Hearing disorders, Hearing loss, PMCA2, auditory system function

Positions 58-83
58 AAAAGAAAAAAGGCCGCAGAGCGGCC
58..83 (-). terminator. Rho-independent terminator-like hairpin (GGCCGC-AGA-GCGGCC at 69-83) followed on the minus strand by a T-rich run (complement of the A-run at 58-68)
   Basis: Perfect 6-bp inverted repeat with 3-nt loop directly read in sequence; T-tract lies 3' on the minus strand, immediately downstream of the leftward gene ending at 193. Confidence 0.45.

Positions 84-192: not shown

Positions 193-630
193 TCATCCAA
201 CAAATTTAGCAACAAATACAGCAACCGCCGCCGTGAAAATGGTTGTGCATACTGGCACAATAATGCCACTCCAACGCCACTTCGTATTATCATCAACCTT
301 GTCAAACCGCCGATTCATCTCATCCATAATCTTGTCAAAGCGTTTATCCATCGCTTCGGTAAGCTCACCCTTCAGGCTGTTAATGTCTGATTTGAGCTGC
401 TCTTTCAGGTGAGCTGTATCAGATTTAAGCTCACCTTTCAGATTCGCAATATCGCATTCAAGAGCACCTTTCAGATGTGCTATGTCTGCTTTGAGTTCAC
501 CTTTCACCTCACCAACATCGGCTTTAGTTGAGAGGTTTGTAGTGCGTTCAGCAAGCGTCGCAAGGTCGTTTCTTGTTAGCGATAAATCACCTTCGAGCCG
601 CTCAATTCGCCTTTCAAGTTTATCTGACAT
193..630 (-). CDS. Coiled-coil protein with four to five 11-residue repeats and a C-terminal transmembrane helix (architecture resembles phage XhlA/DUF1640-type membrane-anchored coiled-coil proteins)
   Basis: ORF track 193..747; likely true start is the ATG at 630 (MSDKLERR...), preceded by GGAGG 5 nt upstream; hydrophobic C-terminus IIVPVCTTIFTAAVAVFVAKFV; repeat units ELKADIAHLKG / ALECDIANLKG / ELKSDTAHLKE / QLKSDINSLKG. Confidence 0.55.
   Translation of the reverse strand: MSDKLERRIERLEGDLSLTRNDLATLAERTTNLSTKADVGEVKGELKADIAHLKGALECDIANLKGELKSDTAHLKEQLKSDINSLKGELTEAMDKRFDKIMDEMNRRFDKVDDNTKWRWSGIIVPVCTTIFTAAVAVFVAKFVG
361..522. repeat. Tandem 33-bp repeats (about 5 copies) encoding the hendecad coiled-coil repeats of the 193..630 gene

Deafness, a pathological condition causing partial or complete loss of hearing, affects nearly 70 million people worldwide. Research has linked nonsyndromic deafness to over 30 genes. In this review, implications of mutations on four of these genes will be discussed to understand how normal function is altered. While various mutations are linked to deafness, little is known about the mechanisms that lead to deafness. MyosinVI mutations hinder the motor protein’s progressive movement, rendering the protein unable to stabilize stereocilia. Point mutations in PMCA2 gene in outer hair cells (OHCs) cause a defect in the calcium pump, leading to a change in calcium concentration in the cell and loss of hearing and imbalance. Mutations on the KCNQ4 gene in the OHCs cause K+ channel malfunction, ceasing the removal of K+ and inhibiting repolarization, thus leading to degeneration of the cell. Connexin 26 mutations lead to destruction and degradation of critical components within the inner ear, as well as problems with gap junction communication. These mutations cause autosomal recessive deafness. Currently, there is no cure for deafness, but development of treatments such as cochlear implants and other electrical systems can improve the quality of hearing. Identification and a deeper understanding of new genetic mutations can enhance treatments.
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